I´ve must have fallen asleep again after the firewatch rouse me. My cabinmates where to no help with keeping the time since I´m the only one awake and in full health. I climbed down from my bunk, jumped in my clothes and harness and rushed up to quarterdeck. I sneaked in the lines of tired teenagers just in time before the first mate gave the order to strike eight bells. The seas where rough tonight and I noticed the tired and slightly green faces among my fellow watch members. Luckily, I´m not one of those poor fellows who can´t stand a minute in the galley without spilling their guts out over the rail. Earlier today we had some unhappy officers about the cleaning of the sole in the galley. Usually we do it without supervision but now the main cook needs to inspect the results. If we fail the inspection, we have to redo it and if it´s not perfectly clean in the morning we’ll get rouse 06:00 in the morning to redo it once again. I was the galley rat today so I was responsible for the cleaning of the galley sole. After a couple of hours we where done so we called upon the main cook to inspect our tear, sweat, blood and the fear of getting roused by a displeased officer in the form of a clean floor. After a strict inspection we were cleared. We made our way to main deck.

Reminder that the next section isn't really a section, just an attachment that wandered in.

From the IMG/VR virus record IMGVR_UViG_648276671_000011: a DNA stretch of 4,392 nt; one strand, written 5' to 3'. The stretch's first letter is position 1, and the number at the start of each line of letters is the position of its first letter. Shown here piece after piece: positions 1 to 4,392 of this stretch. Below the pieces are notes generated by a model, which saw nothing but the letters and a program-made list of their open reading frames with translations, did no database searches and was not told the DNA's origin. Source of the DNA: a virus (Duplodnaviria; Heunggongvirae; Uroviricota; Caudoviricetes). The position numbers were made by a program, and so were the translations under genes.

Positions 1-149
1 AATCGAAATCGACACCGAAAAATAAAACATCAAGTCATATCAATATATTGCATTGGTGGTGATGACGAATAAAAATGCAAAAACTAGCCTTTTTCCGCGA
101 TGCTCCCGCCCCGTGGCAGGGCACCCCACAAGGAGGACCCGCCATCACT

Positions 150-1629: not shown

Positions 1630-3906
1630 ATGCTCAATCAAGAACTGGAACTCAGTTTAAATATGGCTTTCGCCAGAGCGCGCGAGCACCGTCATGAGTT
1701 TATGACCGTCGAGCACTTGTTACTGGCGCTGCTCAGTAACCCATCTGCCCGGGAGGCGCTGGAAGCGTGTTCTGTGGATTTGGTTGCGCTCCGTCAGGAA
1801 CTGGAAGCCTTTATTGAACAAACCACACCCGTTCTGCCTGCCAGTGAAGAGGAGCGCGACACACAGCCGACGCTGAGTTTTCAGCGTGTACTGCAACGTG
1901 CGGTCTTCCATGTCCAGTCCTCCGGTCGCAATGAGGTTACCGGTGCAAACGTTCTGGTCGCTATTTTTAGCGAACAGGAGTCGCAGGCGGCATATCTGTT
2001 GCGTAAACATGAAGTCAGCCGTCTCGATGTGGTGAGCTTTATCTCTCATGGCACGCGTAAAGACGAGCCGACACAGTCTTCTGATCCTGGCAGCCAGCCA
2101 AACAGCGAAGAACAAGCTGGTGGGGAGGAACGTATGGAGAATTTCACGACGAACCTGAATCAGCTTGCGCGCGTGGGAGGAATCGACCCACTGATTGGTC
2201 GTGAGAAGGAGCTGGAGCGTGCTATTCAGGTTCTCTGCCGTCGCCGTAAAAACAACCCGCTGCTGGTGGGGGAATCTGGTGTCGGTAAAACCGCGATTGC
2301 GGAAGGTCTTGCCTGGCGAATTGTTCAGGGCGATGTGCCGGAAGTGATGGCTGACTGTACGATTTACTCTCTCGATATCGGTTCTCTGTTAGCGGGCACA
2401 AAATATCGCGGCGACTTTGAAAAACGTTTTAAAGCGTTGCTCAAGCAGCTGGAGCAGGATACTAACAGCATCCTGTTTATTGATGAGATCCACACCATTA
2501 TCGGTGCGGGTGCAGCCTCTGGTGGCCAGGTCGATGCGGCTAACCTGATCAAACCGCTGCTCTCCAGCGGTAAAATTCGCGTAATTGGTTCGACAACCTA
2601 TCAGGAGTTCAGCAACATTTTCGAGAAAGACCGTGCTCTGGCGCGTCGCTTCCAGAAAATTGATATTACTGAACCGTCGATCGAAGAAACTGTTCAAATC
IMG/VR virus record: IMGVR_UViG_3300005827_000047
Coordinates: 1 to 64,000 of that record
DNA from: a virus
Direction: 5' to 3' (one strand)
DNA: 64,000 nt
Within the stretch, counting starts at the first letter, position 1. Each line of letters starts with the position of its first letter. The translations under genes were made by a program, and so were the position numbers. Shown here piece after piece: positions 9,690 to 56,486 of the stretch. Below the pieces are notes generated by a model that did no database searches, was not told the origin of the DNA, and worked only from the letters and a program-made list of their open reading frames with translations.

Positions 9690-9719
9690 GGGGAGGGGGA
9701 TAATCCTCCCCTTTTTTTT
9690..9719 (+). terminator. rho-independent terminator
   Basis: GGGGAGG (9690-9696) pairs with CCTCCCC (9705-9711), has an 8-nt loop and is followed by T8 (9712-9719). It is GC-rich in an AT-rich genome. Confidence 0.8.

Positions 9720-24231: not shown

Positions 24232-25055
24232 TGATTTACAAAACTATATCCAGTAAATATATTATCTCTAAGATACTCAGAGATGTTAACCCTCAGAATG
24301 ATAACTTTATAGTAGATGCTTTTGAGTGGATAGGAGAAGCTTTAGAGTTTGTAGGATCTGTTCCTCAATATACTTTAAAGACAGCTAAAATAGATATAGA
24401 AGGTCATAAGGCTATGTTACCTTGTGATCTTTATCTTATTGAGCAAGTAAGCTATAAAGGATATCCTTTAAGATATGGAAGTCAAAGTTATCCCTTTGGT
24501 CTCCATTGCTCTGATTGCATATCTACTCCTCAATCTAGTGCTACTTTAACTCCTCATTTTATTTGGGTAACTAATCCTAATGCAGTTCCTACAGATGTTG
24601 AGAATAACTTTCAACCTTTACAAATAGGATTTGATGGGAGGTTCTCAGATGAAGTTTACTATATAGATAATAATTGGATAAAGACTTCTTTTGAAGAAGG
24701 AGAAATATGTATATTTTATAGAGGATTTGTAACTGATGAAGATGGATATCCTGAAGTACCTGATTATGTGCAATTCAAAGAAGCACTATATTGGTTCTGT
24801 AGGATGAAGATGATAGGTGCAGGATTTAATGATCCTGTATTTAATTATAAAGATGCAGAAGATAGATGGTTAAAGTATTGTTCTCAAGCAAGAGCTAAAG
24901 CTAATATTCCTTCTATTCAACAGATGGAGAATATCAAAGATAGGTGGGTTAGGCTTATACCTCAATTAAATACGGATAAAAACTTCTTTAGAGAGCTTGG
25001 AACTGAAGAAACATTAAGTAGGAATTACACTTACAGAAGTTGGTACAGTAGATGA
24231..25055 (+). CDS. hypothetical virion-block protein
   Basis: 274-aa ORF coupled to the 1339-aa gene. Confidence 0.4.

The wind had turned due east a couple of hours earlier so we had a short upwind leg which made us do a lot of jibes. The tired and worn out port watch where laying all over quarterdeck half awake, half asleep. I joined the pile of exhausted trainees to rest out a bit from all the cleaning in the galley. Just as I sat down our CO shouted:
“Jibe around on port side!”
The watch scrambled and we started to heave, brace, trim and sheeting home the sails. When we where back on course again I could feel my hands acing like never before, and my shirt was drowned in sweat. I sat myself down by the cosy red compass light, and shut my eyes just for ten seconds, I thought. I woke up to the order to stand at attention for the guard relief. I could barely hear the Captains voice during the briefing of midships watch, the only thing I could think about was my bunk. I straightened my back when I heard the eight bells and once we were relieved I rushed down below deck and into my bunk and fell asleep before I even shut my eyes closed.
By: Simon L. Forsgren, port watch